In recent decades, social responsibility and ethics have been becoming more and more important to the public, and this has been accelerating even more in the most recent years with an emphasis that companies should not only focus on the performance and financial gains of shareholders, but also act in a manner that benefits the whole society. The organization has to be able to recognize what is ‘right’ and not just what is ‘lawful’. Failing in this area might lead to a loss of customers and bad publicity/reputation because the public is expecting the organization to have a positive impact on both the society and environment as a whole, instead of solely focusing on the quality of service or product.
Week 6 of this course brought students to take a look at how one of the world’s largest companies, Siemens, faced corruption head-on in 2008. The case of Siemens was marked as the biggest corruption case of the time (involving $1.4 billion in bribes to government officials in various continents), and Siemens chose Peter Loscher who is outside the company to take over leadership as CEO to tackle the situation. Under a series of actions such as the changes at the top, new compliance program and organizational changes, Siemens successfully pursued a clean business. Throughout the discussion, students learnt about the occurrence of corruption, using Siemens as a reference, to explore how the company addressed and recovered from it.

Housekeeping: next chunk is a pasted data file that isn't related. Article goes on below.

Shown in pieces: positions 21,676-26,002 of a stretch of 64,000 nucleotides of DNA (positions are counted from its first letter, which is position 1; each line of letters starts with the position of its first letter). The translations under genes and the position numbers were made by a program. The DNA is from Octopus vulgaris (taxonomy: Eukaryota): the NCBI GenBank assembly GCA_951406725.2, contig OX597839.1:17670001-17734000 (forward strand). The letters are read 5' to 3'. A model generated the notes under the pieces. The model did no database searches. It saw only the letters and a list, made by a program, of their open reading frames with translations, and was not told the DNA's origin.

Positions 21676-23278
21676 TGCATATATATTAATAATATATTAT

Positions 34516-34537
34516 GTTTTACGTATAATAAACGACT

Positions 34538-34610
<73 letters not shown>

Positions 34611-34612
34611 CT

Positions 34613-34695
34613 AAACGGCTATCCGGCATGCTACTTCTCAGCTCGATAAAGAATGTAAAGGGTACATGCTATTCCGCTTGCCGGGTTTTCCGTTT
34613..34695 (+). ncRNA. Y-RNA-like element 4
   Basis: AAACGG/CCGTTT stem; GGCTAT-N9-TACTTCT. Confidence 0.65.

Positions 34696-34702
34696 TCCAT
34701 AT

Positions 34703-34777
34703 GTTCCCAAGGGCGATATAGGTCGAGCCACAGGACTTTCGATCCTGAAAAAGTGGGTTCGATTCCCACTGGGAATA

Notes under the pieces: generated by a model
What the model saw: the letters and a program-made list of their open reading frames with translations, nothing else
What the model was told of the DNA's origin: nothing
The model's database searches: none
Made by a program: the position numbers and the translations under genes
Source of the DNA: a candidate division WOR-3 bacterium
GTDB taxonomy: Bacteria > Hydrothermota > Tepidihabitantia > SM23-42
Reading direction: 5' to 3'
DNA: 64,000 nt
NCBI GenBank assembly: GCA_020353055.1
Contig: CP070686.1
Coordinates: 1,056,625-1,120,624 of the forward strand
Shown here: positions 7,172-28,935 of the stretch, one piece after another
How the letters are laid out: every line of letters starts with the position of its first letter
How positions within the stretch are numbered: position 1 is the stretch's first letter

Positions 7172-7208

The case selected by Dr. Hazeem for today’s class is a multimedia case, which enables students to review actual documents, watch videos of experts and former Siemens employees and read the campaign products. This enables first-hand experience of the organizational corruption issue in an effort to learn from the change management process at Siemens and understand the strategic role that ethics must play in global management.